Nick - when do I get mine?wink.gif

Si

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It's made from some fairly exotic grades of steel - the kind of thing you'd be pleased to have a half-shaft made from, combined with custom heat treatment to ensure long life.

Special F1-heat-treated Maraging 300? :ph34r:

(Sorry Lara, couldn't resist :lol: )

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Special F1-heat-treated Maraging 300? :ph34r:

Actually it's Flora low fat Margarine ;) Something along those lines except better suited to the clutch arrangement.

post-74-127620302857_thumb.jpg

As you can imagine, the torque it has to transmit is significant - so although the profile is important to minimise the stress, the material choice and heat treatment are critical. We'll keep this close to our chest as unless you have a handy mass spectrometer and electron microscope (to look at the crystalline structure) - it makes it hard and expensive to copy.

Si

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how much do the air soleniods cost ?

Lifted from another forum:

Std length is £399, long drum, ie. +3", £449

Add to that a manual pneumatic valve kit for £40 or a solenoid valve kit for £50. You don't need either of these if you have a spare ARB solenoid.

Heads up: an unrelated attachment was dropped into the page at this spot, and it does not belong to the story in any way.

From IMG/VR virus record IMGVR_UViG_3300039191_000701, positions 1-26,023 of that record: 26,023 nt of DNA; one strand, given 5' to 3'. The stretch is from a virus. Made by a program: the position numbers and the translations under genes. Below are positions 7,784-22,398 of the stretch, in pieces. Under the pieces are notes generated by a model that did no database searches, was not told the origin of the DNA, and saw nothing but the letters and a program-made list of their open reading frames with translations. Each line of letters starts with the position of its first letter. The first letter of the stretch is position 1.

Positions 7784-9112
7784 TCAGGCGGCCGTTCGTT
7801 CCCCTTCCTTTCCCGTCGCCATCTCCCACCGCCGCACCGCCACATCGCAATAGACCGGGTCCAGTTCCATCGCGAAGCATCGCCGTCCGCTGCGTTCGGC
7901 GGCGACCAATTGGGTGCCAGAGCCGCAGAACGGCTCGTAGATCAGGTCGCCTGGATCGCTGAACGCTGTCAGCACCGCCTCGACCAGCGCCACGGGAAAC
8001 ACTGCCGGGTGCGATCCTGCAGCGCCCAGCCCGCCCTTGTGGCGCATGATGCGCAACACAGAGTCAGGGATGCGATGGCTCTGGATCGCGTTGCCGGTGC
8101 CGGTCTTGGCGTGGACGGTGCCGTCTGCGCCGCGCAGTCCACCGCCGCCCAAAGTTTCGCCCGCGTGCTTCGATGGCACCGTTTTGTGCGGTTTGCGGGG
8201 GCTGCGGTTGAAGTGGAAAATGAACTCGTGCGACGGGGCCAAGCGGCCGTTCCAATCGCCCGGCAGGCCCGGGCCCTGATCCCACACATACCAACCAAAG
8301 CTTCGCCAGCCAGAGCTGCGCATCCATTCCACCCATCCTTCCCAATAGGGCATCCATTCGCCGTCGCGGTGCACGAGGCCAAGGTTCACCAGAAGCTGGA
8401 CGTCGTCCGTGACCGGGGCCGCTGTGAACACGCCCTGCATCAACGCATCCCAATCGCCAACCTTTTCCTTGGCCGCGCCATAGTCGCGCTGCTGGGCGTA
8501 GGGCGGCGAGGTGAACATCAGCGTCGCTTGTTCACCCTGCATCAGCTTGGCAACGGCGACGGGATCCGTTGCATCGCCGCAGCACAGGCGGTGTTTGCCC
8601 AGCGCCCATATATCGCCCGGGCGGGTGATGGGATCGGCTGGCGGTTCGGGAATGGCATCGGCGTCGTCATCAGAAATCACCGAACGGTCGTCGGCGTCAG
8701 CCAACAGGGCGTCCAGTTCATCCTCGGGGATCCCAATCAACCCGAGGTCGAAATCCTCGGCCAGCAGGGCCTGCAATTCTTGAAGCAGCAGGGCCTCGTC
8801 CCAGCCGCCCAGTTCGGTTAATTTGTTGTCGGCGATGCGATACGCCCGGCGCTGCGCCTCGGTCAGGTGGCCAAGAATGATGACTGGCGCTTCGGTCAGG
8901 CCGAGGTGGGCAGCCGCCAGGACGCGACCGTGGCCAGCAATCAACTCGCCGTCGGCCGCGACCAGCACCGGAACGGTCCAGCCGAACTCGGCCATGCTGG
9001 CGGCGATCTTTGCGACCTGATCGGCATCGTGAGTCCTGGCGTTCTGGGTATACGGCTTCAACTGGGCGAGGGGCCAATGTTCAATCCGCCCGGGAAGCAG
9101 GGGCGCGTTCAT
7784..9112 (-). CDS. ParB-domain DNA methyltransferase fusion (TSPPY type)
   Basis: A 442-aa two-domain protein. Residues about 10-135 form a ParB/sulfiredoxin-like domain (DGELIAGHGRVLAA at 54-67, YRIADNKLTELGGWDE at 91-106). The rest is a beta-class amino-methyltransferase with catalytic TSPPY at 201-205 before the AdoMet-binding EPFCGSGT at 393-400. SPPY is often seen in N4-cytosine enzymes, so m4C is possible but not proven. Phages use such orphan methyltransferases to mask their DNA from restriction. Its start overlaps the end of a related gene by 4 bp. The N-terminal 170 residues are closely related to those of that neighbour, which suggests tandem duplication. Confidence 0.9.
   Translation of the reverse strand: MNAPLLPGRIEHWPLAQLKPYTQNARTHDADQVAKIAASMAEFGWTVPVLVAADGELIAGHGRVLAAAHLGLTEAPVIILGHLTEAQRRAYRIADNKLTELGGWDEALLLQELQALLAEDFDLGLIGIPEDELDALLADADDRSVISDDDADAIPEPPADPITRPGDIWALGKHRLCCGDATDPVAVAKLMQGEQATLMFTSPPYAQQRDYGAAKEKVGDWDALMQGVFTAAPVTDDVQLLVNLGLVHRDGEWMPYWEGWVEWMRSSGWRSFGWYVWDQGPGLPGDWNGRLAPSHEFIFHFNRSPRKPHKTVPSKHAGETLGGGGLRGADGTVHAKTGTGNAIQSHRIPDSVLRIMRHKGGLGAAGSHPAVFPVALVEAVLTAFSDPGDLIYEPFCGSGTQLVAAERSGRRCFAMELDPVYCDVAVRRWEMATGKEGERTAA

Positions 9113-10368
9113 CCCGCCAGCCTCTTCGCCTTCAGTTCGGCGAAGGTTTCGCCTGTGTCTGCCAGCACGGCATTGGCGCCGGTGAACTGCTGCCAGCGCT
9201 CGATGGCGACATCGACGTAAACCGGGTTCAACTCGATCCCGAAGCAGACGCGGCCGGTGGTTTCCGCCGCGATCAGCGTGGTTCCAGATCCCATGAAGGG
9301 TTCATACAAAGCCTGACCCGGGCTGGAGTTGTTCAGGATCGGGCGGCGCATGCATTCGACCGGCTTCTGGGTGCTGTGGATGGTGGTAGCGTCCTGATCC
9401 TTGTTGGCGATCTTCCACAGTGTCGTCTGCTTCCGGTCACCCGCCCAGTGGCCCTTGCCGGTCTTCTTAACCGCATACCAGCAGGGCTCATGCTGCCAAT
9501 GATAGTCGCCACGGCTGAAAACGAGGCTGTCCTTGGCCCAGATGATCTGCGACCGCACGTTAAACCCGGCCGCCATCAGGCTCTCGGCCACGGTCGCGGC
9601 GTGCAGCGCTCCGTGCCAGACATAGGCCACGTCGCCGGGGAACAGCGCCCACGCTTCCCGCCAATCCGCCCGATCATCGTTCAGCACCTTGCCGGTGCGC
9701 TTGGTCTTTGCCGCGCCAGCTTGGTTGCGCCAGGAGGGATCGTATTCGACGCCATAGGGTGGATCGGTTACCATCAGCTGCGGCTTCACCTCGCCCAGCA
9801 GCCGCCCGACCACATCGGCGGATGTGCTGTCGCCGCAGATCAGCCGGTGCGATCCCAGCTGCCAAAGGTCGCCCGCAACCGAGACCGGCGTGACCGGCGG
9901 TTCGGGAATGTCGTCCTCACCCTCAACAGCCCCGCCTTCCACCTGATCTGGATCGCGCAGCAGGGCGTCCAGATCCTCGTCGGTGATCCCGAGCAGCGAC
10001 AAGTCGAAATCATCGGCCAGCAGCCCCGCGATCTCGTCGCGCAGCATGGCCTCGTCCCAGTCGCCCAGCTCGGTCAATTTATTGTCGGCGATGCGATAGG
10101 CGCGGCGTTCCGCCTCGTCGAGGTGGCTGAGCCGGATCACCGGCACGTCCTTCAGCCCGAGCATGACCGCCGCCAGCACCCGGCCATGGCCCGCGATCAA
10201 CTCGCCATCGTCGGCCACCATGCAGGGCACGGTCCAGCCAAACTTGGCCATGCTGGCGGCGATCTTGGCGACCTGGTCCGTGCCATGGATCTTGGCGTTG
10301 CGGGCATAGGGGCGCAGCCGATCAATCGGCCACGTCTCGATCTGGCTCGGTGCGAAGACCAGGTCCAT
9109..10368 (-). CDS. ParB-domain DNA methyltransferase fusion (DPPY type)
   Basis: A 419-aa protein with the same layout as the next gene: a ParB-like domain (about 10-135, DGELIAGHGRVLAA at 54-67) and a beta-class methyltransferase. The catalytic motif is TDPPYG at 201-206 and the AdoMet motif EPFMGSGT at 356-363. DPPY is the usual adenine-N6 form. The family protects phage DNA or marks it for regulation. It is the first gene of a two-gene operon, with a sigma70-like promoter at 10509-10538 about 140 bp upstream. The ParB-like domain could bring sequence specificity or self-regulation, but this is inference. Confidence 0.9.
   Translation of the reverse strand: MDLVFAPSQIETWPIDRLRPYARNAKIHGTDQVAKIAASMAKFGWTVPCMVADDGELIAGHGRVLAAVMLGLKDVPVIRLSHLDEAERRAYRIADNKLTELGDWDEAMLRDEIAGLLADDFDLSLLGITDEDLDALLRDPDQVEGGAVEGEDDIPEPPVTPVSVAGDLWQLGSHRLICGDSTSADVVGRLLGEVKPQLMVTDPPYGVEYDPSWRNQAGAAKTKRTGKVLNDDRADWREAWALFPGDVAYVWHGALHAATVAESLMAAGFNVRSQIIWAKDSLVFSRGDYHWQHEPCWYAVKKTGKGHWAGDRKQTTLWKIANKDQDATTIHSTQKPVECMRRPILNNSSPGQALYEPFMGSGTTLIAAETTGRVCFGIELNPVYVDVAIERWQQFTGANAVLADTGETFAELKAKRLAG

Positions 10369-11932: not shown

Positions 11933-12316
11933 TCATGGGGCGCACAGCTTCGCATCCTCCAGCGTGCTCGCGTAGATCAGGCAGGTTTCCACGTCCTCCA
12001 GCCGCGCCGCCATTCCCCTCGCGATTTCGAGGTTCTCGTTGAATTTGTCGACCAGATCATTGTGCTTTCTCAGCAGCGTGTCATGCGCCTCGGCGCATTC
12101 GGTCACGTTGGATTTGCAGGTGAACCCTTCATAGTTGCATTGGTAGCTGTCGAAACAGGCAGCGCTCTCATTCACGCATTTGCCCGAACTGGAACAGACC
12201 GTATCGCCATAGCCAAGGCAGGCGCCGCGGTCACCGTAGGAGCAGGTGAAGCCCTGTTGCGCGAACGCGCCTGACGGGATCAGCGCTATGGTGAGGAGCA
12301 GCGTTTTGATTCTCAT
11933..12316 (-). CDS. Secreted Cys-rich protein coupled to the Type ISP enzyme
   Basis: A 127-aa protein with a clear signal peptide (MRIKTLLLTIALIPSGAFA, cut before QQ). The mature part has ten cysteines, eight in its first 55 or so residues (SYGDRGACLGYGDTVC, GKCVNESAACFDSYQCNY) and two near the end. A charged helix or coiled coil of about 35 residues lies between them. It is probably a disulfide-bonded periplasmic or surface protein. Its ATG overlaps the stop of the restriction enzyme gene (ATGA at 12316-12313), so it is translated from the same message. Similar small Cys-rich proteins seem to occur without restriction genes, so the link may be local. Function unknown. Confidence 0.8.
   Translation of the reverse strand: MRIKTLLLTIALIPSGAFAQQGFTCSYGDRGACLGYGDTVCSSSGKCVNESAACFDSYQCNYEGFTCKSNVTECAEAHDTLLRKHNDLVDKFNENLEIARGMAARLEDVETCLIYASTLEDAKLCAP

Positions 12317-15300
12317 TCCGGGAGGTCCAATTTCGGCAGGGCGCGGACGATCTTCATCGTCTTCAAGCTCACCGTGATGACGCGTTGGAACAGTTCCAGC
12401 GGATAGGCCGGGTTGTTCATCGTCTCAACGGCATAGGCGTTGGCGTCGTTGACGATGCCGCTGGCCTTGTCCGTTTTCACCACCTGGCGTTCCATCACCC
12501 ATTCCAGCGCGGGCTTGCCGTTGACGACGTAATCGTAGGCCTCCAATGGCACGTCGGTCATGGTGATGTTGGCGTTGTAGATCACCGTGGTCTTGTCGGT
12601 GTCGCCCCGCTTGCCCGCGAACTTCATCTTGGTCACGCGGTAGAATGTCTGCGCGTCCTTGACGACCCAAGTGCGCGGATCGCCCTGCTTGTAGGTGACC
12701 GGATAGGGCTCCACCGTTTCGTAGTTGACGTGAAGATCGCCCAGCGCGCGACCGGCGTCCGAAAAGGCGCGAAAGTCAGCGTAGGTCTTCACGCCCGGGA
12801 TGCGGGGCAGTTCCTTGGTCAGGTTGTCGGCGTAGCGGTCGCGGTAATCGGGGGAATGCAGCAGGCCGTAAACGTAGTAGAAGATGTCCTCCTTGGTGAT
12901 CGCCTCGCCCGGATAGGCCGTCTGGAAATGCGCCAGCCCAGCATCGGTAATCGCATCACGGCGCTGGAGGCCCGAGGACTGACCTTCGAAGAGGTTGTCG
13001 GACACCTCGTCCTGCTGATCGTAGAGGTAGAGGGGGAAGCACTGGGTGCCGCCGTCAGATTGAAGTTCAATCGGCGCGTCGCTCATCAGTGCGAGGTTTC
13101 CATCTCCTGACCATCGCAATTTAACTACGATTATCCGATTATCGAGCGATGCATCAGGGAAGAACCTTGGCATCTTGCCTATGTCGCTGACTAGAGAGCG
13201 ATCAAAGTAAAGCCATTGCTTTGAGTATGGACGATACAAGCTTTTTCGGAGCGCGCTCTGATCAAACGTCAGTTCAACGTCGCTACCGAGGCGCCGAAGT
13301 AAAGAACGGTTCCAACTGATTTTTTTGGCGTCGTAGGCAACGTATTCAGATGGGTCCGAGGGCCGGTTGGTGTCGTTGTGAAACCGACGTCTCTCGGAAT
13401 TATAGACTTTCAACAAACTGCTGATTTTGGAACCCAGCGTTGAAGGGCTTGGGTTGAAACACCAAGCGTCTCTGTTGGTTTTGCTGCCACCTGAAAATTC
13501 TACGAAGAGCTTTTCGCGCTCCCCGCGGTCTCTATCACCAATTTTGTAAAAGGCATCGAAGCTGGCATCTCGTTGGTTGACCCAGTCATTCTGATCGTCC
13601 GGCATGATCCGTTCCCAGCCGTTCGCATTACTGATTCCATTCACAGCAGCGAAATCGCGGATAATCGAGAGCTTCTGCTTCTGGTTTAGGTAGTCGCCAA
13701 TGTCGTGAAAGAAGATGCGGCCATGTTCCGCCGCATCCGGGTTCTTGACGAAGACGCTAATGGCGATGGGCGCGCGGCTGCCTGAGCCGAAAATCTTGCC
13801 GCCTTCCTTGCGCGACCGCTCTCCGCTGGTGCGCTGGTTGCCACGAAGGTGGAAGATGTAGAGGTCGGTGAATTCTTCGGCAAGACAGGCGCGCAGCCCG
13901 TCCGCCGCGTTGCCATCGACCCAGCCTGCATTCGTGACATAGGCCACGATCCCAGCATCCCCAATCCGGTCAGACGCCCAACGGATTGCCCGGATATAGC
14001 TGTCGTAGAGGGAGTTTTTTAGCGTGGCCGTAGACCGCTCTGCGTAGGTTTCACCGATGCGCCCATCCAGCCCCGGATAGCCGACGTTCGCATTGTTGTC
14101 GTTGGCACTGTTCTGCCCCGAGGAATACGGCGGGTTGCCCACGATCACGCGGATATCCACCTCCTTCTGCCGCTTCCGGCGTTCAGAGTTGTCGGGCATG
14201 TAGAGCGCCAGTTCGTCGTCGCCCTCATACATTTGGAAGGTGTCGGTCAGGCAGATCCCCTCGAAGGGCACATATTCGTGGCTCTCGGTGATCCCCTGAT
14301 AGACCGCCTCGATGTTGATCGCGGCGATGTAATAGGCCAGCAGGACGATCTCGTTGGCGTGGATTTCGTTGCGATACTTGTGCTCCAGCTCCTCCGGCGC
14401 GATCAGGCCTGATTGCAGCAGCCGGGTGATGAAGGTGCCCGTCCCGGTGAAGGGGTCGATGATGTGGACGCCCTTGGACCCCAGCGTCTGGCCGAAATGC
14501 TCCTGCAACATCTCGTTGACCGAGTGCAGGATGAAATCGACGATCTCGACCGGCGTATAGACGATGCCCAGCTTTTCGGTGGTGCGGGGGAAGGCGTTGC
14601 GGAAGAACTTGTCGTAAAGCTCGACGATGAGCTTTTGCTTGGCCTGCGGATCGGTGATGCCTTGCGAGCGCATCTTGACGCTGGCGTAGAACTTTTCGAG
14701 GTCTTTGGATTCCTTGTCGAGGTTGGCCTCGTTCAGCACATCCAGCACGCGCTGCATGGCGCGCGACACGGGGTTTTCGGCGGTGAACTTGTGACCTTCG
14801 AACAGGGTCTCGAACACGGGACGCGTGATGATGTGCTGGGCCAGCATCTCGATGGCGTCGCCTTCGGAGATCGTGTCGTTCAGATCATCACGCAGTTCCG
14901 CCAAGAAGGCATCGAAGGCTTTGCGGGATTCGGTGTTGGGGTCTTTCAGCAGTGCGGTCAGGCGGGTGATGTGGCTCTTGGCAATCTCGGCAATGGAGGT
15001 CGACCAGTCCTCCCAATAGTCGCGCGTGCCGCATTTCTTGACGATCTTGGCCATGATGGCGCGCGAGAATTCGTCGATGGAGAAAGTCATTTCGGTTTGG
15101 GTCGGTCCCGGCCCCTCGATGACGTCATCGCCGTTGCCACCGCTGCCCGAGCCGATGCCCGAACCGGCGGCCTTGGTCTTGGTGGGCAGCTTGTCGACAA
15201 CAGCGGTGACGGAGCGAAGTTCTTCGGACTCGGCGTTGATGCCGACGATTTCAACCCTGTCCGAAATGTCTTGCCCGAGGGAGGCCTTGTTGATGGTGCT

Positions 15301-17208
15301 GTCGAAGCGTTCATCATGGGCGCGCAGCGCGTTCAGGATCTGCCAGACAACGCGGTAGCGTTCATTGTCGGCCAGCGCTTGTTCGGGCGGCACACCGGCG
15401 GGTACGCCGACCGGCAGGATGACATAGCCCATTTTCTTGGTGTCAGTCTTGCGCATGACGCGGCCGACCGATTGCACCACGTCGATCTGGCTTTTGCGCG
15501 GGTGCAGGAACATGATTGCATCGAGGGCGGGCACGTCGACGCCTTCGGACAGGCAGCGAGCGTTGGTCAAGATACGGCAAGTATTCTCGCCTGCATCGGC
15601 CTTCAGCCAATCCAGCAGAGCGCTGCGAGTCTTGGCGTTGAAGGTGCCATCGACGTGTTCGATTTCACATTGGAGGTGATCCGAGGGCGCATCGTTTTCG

Chris

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This really is a nice bit of engineering - that Nick & I are very proud of. The clutch mechanism which is entirely enclosed inside the drum along with the pneumatic actuator was designed and analysed on the CAD - before being tested on competitions by Nick, Ian and one or two others to 'fine tune' the design.

The clutch mechanism is strong enough for everything a twin motor can throw at it and beyond. It's made from some fairly exotic grades of steel - the kind of thing you'd be pleased to have a half-shaft made from, combined with custom heat treatment to ensure long life.

Nick & Delta-Tek are going to be sharing a stand with X-Eng at Billing to do 'Show & Tell' (and maybe sell the odd one!) and I believe he's going to be demonstrating it in the Arena throughout the weekend.